Search This Blog

Tuesday, October 31, 2017

Zero sum game

Behind all the kerfuffle over the weekend about TeachFirst inviting Toby Young to write a blog and then deleting it because it was "wrong" there are some important issues.
Here is Young's piece, "Are there any limits to what schools can achieve" that caused offence.

The upset came in large part because those taking offence detected a whiff of eugenics. Eugenics is the idea that some people are born stronger, smarter, and easier on the eye and we should aim to have more people like that and fewer weaker, stupider, uglier people. The methods used to achieve this “improvement” of the gene pool in recent history have included economic and political disenfranchisement, forced sterilisation and ethnic cleansing or genocide. This is why the debate got heated.

Eugenics was not limited to the Nazis nor can we glibly claim that it is entirely discredited as some of Francis Galton's hypotheses are now being supported by research evidence. [1]But before we get too hot under the collar, what did Young actually suggest? He pointed to a reasonable amount of research that children's life chances are more likely to be influenced by their social and genetic inheritance than their schooling.

Whilst I may not agree with all of Young's argument or conclusions [3], the idea that a child's parents and their overall social capital (money, level of education, network of connections etc.) have the greatest influence on any child's likelihood of life success is well established and evidenced [2]. Give a moron several hundred million dollars, a sense of entitlement and an address book and he can become leader of the free world... 

Equally established is the construct that schools should do their best to counter the unfair disadvantage of those children who are born without. Less clear is what schools can actually do about it. If money were no object then you could spend significantly more on disadvantaged children and help them catch up. This is the highly creditable idea behind pupil premium funding.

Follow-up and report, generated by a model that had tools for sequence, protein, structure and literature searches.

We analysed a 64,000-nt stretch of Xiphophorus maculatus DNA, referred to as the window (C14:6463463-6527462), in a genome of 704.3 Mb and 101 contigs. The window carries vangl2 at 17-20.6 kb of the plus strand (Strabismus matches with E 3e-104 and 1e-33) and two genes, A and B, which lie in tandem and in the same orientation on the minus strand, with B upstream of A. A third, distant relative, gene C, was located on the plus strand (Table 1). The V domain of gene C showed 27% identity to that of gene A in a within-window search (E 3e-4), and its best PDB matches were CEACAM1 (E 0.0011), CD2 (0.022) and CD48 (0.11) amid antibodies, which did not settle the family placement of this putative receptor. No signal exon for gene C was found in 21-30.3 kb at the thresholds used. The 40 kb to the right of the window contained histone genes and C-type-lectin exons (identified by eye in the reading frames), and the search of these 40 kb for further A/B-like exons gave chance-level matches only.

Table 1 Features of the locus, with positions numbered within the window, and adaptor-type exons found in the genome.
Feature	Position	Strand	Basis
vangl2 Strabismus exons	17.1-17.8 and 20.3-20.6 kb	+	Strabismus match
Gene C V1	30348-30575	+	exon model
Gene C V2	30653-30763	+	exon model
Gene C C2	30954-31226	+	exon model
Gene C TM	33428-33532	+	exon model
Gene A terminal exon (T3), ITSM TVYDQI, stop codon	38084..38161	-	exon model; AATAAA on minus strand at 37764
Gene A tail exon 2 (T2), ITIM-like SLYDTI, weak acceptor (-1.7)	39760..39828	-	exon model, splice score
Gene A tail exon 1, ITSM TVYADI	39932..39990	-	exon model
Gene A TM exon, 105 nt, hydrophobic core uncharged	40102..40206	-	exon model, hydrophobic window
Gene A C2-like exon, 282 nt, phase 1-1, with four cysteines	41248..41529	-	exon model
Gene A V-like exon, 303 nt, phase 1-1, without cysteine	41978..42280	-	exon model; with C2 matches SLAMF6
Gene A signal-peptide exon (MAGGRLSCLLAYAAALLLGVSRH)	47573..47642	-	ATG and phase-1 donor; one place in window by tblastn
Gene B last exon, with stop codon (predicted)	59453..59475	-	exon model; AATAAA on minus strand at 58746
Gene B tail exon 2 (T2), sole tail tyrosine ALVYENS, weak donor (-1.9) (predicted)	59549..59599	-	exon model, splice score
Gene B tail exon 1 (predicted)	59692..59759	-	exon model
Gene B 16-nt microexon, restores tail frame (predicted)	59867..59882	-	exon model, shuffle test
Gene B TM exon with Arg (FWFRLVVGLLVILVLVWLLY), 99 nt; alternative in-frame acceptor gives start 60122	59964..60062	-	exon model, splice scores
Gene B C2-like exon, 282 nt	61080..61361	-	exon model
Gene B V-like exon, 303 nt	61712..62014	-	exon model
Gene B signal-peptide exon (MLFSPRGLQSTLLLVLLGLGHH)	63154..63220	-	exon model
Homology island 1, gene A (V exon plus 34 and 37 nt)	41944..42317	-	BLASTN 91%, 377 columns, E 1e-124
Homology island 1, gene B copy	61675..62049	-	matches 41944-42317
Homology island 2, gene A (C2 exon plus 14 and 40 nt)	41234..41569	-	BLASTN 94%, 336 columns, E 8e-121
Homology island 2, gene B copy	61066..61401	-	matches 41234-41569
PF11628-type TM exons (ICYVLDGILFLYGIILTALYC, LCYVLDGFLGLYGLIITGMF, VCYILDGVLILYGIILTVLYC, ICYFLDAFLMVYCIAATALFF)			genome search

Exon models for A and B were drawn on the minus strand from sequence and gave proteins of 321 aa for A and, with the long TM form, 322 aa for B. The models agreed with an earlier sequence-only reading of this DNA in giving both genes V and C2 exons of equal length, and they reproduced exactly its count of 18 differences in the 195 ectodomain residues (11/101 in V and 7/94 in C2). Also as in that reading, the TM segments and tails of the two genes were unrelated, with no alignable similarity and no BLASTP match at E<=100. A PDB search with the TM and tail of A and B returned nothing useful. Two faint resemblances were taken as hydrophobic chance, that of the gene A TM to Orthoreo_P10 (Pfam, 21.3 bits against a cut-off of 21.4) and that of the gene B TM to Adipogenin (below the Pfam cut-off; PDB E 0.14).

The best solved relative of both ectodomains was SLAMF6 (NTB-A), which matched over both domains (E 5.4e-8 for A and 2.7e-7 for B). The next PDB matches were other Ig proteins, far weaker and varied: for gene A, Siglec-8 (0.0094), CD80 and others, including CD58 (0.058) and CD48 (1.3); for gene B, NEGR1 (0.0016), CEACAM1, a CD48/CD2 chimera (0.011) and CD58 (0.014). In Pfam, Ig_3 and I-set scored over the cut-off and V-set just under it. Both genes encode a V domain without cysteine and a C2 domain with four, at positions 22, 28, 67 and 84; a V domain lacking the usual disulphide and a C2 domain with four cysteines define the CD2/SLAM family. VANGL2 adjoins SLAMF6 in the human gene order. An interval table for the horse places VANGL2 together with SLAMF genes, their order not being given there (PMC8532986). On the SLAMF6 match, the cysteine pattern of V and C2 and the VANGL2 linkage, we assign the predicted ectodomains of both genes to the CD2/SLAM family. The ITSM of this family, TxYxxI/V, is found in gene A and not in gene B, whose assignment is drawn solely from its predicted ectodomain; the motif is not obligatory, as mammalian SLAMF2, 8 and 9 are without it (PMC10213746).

The difficulty is that there is not enough money in the system (and never will be) to give all state educated children a chance to catch up with those whose parents pay to educate them privately. And don't even think about listening to those who say it can be, because the The average fee for top boarding schools now exceeds £30,000 a year whilst the average funding for state primary education is less than £25 a day (or £4,670 per year).

This leads us, painfully, to the realisation that the only way to achieve greater equality is to hold those more fortunate back. And this is not a palatable idea - which in turn is one of the reasons that successive Labour governments have discussed, but ultimately pulled back from, abolishing private education. It is also the only intellectually robust defence of Grammar schools [3], "We don't have enough money to give every child a great education. But we only need 15% or fewer of them to be really well educated to keep the country running. So let's select the best and brightest and spend more on them." The moral difficulty with this position is how do you decide which children get the better education and at which cut-off point(s) do you decide.

The debate becomes even messier once we add in innate differences between children. I think one of the difficulties Young brought upon himself is using the term IQ as the measure of intelligence. Although an IQ score is understood as a measure of intelligence it is as susceptible to coaching as an 11 plus exam. Moreover, IQ is a limited set of attributes that could be explained as 'intelligence'. 

Whether one goes broader and accepts Howard Gardner's model of nine different Multiple Intelligence(s) or narrower to the 'g' model (a measure of general cognitive ability) we are setting ourselves up to fail by drawing the line in the wrong place. And that is before we consider the risks associated with labelling children, in that the children become the labels they are given whether the labels are accurate or not.

I hope that the debate now seems fuzzy, treacherous and probably destined to be unfair.
The discussion should be about how we provide the greatest possible equity of opportunity for all children for the money that society is prepared to pay. But not to pretend that this is excellence and certainly not for all...

....the best we can, given what we have and who we are. We should  aim for transparency about what is and is not possible and that will involve telling some difficult truths both to power and to the people.

[1] The podcast library of In Our Time and The Infinite Monkey Cage are as good a place to start as any
[2] See the Rowntree Foundation, Hutton Trust and UNESCO research into the educational impact of child deprivation
[3] My personal view is that singling out people for 'special treatment' in education is as sinister as it sounds; whether it is via Grammar Schools, Free Schools or North Korean reeducation camps